For this section of the essay I will be looking at the Hasidic exegesis of the Torah – mainly the language it has been written in. Between the years 1780 and 1815 the literary genre was homogenised with the exegetical homily and this was the main feature of the Jewish sermon. In fact, the characterisation of exegesis in sermons became such that the exegete would preach sermons that they themselves wrote. The disciples of the author would have disciples that would write down the sermons and this would sometimes cause different versions of the same sermon. The sermonic influence was so impressionable on authors that it can even be traced in the few non-homiletical classic works of Tania  and Keter Shem Tov, which are two collections of the Besht’s sayings.[23] The foundational works of these Rabbis mentioned and the many other homolitical works remained conservative and respectful of its sources. Though the preachers are expected to address new messages at every sermon they are still required to reference the Bible, the Talmud and other authoritative sources. The sermons were grounded on layers of different interpretations of the texts so as to seem that anything which is said in the sermon is within the sacred texts. Therefore, through exegesis, verses were being used and interpreted in order to delve into the inner depths of Jewish tradition rather than simply coming up with innovations. The authoritative texts are then seen to hold secrets which only through thorough knowledge of it can one utilise its wisdom. Thus exegesis and hermeneutical readings of authoritative texts was of upmost important to the Hassidic movement. [24]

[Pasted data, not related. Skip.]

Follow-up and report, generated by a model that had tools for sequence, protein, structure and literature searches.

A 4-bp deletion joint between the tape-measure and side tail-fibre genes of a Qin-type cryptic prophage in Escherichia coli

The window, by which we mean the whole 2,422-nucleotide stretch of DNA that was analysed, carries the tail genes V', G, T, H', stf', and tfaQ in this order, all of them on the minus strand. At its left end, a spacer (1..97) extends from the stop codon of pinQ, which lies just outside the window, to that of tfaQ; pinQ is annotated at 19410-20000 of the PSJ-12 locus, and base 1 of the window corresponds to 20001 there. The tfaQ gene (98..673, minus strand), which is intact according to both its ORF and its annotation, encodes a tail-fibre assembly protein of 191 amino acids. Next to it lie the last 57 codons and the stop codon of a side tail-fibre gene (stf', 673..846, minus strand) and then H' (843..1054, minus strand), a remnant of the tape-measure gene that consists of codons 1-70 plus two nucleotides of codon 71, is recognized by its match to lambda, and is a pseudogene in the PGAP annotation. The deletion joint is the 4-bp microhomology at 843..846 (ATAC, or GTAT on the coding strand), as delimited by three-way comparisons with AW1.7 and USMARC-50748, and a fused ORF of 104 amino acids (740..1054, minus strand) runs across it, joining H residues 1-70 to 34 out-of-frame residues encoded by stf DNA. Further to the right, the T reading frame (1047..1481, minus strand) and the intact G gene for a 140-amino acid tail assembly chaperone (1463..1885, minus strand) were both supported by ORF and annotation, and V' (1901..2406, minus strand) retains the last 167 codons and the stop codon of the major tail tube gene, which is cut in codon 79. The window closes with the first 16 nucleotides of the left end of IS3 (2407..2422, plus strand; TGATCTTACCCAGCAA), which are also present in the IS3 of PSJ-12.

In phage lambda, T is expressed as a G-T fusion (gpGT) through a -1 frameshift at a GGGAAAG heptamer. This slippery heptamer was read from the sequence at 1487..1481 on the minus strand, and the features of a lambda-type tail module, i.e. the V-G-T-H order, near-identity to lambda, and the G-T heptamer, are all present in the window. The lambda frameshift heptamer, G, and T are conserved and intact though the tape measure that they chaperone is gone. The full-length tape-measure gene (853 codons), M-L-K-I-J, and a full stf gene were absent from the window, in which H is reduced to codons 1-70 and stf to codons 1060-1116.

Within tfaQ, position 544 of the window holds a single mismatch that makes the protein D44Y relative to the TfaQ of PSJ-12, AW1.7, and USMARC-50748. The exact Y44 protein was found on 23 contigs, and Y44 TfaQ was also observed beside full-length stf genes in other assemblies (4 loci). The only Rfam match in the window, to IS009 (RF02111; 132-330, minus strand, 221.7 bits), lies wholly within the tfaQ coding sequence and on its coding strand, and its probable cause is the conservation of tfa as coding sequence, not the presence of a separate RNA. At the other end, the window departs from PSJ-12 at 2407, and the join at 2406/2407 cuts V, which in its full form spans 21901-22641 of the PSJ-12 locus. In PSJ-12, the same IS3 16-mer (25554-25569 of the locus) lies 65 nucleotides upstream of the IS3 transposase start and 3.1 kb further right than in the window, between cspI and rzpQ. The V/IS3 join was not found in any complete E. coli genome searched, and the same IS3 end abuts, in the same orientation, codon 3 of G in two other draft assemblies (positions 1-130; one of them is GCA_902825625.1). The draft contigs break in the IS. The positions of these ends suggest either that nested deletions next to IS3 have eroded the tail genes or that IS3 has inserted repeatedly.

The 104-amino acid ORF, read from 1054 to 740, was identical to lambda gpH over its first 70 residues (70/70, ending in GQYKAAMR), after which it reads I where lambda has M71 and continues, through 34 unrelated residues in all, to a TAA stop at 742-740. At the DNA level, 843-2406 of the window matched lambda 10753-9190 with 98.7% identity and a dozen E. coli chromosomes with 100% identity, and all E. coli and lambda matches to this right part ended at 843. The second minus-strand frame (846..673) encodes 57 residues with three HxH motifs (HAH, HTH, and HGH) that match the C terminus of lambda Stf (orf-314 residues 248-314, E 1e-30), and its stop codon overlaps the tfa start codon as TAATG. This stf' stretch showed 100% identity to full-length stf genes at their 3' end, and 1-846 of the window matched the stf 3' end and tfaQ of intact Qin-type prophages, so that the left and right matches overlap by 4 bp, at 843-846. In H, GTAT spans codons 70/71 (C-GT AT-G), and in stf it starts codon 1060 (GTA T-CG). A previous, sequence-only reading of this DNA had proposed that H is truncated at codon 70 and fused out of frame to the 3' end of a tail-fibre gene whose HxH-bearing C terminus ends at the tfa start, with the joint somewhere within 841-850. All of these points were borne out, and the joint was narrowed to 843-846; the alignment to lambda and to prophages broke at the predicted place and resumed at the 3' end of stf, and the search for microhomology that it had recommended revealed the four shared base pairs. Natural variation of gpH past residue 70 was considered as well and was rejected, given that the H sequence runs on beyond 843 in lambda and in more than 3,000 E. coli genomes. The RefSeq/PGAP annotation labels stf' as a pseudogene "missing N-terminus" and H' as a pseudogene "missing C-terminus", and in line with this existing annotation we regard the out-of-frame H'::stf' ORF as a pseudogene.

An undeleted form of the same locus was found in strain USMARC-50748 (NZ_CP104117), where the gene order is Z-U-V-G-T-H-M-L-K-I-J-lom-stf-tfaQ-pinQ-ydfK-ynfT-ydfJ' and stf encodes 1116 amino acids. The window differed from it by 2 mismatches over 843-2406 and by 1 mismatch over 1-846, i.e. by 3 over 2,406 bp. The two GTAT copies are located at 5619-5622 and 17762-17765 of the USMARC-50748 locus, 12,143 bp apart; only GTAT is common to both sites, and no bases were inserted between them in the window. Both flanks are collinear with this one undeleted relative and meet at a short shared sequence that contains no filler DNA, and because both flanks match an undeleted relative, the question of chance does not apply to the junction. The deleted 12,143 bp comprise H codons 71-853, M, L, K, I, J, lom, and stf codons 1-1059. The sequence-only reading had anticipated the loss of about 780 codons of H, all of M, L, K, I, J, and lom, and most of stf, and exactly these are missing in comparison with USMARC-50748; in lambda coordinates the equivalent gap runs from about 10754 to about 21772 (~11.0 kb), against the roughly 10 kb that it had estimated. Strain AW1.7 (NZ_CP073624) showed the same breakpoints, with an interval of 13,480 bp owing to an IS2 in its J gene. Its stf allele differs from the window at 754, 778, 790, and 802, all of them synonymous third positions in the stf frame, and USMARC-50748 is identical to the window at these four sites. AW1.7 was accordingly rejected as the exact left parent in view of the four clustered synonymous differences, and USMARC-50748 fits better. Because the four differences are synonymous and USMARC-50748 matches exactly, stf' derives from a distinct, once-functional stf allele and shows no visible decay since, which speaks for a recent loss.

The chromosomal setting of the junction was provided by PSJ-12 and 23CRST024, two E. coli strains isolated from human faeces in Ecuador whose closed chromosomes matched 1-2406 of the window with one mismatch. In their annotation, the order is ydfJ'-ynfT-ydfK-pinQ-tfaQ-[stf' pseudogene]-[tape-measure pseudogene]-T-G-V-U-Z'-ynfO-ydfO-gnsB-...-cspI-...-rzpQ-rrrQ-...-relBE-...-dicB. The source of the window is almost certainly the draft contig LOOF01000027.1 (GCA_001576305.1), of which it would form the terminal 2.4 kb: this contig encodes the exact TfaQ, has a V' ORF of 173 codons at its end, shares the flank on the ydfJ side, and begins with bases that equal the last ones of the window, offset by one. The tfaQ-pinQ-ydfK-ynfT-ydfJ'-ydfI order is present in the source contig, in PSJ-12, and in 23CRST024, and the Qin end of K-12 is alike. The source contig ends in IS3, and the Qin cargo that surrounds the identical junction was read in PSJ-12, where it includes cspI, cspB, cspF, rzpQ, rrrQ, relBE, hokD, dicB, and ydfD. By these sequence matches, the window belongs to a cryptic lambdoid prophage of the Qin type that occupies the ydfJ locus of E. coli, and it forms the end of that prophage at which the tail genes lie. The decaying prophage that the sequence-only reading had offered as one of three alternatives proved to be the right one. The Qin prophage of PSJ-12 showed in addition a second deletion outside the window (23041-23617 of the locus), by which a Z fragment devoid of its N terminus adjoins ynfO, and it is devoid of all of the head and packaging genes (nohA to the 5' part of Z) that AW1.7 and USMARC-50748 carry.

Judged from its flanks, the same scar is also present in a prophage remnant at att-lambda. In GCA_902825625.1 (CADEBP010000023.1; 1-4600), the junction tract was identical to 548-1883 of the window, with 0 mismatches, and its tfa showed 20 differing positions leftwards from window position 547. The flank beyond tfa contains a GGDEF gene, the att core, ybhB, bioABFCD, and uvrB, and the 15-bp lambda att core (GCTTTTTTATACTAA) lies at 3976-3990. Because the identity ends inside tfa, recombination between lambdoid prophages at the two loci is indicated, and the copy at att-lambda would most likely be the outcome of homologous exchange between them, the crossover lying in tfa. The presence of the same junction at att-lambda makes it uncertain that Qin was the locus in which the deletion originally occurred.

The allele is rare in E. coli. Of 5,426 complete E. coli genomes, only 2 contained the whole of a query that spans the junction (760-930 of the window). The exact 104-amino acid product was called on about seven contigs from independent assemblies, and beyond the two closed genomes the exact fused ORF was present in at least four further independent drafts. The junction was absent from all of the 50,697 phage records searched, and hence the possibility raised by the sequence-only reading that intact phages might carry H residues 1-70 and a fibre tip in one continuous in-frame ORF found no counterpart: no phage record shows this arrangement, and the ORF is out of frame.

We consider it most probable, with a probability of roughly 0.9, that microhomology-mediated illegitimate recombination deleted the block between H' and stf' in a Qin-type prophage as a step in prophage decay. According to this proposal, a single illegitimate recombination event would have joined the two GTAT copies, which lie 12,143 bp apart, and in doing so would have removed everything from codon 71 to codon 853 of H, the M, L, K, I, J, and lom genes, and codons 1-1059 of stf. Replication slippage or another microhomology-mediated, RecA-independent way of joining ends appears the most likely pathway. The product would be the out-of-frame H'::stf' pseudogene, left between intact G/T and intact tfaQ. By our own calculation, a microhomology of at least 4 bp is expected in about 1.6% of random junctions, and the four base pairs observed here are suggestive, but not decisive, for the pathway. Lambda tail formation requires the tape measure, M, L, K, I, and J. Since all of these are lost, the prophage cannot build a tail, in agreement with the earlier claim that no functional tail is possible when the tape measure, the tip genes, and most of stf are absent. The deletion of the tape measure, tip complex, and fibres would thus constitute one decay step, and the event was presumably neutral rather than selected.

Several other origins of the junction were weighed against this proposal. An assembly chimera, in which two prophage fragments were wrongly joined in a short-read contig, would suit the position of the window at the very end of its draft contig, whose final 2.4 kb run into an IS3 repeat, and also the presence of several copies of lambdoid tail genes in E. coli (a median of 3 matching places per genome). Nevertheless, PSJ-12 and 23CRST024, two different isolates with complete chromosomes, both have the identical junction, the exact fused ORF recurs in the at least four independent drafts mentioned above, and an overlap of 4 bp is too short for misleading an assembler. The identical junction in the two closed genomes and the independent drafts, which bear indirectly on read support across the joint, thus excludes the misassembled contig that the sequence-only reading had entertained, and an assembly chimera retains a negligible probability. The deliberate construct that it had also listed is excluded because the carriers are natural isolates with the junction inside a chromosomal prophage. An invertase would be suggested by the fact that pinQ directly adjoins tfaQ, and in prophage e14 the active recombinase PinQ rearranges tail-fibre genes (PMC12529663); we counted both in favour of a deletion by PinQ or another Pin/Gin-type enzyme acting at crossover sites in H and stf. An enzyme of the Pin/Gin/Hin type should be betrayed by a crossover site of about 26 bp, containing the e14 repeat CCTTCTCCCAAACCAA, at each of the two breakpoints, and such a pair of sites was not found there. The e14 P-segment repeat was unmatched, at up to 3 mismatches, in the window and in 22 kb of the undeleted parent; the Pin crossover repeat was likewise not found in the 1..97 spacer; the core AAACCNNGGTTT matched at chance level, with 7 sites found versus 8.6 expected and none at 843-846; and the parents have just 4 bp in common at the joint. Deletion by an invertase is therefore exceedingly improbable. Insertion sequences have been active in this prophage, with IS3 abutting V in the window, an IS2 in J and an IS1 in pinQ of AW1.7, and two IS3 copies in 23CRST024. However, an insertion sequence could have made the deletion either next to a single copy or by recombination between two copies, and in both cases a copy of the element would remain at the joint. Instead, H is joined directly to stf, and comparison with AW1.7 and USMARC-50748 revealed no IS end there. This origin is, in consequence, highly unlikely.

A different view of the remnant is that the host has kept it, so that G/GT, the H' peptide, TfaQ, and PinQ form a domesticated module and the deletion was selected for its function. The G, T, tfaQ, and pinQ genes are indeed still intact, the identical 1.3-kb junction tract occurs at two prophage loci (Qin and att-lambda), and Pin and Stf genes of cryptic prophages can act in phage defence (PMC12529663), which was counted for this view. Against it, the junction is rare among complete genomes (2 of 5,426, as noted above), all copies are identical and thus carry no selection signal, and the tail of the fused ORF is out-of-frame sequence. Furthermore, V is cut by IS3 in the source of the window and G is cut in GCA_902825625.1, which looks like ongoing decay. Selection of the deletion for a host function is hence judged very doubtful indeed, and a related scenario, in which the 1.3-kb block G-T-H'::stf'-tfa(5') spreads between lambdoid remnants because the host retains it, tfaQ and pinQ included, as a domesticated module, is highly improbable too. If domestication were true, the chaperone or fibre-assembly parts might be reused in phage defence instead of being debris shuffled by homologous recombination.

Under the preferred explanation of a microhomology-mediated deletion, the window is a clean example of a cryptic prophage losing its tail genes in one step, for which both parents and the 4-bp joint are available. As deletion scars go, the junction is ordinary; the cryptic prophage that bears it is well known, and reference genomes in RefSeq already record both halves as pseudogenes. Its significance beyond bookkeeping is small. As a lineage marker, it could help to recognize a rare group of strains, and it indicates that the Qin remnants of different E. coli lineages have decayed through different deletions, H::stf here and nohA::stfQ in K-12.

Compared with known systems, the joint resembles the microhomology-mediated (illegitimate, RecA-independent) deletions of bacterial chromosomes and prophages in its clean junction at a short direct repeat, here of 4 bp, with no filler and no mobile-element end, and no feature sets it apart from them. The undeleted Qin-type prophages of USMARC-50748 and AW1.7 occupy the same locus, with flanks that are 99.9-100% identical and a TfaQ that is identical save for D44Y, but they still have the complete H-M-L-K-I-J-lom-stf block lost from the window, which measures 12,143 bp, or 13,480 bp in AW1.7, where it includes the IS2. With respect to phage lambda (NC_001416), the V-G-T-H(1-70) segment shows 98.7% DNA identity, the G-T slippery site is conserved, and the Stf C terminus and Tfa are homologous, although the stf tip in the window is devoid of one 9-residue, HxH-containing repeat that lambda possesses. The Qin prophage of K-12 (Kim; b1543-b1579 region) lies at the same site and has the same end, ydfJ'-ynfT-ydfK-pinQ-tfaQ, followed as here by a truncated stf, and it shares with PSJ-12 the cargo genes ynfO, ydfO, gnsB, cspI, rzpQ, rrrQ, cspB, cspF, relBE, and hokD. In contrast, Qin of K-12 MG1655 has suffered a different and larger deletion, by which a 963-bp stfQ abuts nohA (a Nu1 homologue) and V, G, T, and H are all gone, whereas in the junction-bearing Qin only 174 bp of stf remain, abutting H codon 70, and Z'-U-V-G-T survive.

In ‘Mystical Judaism’[25] there are two worlds: the higher and lower world. The higher world is hidden for whereas the lower world is an imprint of the higher world; it is as if through its connection the worlds seep through one another. The one thing both these worlds have in common is language. Language, in mystical Judaism, is a divine entity and therefore it is eternal and varied.[26] This would then mean to the exegete that Katz’s idea of using traditional concepts as signposts for mystical experiences would be of little use as the language is in itself varied. The hidden higher world can only be revealed to the lower world through language. What is being revealed is God’s creative power. Through knowledge of the infinite flow of letters the Jewish mystical tradition has put in place practices in order to comprehend God’s infinity. The divinity of letters are a tangible manifestation of the God’s speech, therefore the letters keep the universe going, and sustains the creative force that creates time and also transcends time. Therefore, mystical Judaism puts a lot of emphasis into studying the letters so that the mystic is able to push through the tangible in order to witness the hidden higher world in its purest form. The holy spirit touches man, the spirit of life and spirituality in general – but this happens through language. Through analysis of the aleph-beis the process of creation can be found. In the ancient mystical text Sefer Yestirah (Book of Creation) the process of creation is linked with the Hebrew alphabet. Each letter has its own spiritual force and by combining them together new forces can be made.[27]